Posted on June 11, 2013, Ron Whitaker Sony: Third-Party DRM Refers to Playing Used Games Online Only
This morning, there were some apparent cracks in the strong positions Sony staked out at their press conference last night.
During an interview with GameTrailers, Jack Tretton said that, “The DRM decision is going to have to be answered by the third parties, it’s not something we’re going to control, or dictate, or mandate, or implement.” The internet immediately exploded, with many on Twitter accusing Sony of walking back their statements from the presser last night.
Rather than speculate, we went directly to Sony to find out what’s going on. Turns out, it’s a very similar system to what’s in place on the PS3 now. According to Dan Race, Senior Director, Corporate Communications for Sony, Tretton’s statements were referring specifically to playing used games online. He told me,
The Online Pass program for PlayStation first-party games will not continue on PlayStation 4. Similar to PS3, we will not dictate the online used game strategy (the ability to play used games online) of its publishing partners. As announced last night, PS4 will not have any gating restrictions for used disc-based games. When a gamer buys a PS4 disc they have right to use that copy of the game, so they can trade-in the game at retail, sell it to another person, lend it to a friend, or keep it forever.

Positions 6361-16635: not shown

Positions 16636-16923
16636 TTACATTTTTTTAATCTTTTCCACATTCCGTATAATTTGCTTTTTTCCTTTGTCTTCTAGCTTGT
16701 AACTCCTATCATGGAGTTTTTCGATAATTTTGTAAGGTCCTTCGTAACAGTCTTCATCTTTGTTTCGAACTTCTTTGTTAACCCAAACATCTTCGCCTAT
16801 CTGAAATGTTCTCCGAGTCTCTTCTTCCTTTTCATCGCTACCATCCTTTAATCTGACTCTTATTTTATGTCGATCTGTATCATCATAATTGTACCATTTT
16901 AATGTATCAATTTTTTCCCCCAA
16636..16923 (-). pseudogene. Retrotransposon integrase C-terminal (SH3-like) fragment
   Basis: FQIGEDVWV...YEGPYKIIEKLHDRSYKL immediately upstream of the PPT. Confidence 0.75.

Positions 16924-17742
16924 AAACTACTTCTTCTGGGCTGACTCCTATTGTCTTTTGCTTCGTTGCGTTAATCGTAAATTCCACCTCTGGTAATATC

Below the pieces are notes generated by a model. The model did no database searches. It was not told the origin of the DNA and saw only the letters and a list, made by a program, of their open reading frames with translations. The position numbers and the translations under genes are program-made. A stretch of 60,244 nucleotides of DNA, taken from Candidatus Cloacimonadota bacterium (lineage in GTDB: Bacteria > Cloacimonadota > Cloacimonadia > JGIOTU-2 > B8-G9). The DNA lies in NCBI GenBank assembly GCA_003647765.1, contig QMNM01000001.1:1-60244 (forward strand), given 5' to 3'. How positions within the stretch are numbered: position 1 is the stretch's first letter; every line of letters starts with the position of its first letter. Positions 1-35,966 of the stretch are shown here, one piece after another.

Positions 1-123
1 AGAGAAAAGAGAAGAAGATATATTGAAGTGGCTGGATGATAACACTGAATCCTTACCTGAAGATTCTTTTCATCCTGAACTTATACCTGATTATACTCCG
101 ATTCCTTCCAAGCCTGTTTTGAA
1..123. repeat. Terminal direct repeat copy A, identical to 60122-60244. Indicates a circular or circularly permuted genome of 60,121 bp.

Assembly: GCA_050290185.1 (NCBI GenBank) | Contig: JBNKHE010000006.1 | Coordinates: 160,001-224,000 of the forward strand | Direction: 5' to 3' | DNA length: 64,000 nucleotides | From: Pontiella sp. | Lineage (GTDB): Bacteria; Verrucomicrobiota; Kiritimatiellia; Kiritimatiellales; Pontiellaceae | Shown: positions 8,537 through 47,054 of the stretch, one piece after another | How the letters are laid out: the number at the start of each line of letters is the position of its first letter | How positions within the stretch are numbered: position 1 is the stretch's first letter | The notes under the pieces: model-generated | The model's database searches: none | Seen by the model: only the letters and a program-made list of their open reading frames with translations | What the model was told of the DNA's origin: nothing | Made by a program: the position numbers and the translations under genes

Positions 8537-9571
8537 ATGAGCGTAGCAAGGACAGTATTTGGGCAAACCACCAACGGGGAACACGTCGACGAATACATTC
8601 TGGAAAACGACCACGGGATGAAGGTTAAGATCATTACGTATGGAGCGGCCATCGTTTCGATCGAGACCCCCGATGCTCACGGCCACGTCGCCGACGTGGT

This is good news for gamers, indeed. In a nutshell, you can buy a used single-player game for the PS4 and play it all you want. If you want to go online with it, you may have to deal with some sort of publisher-determined DRM, be it an Online Pass or whatever.
I think we can put our pitchforks down for now.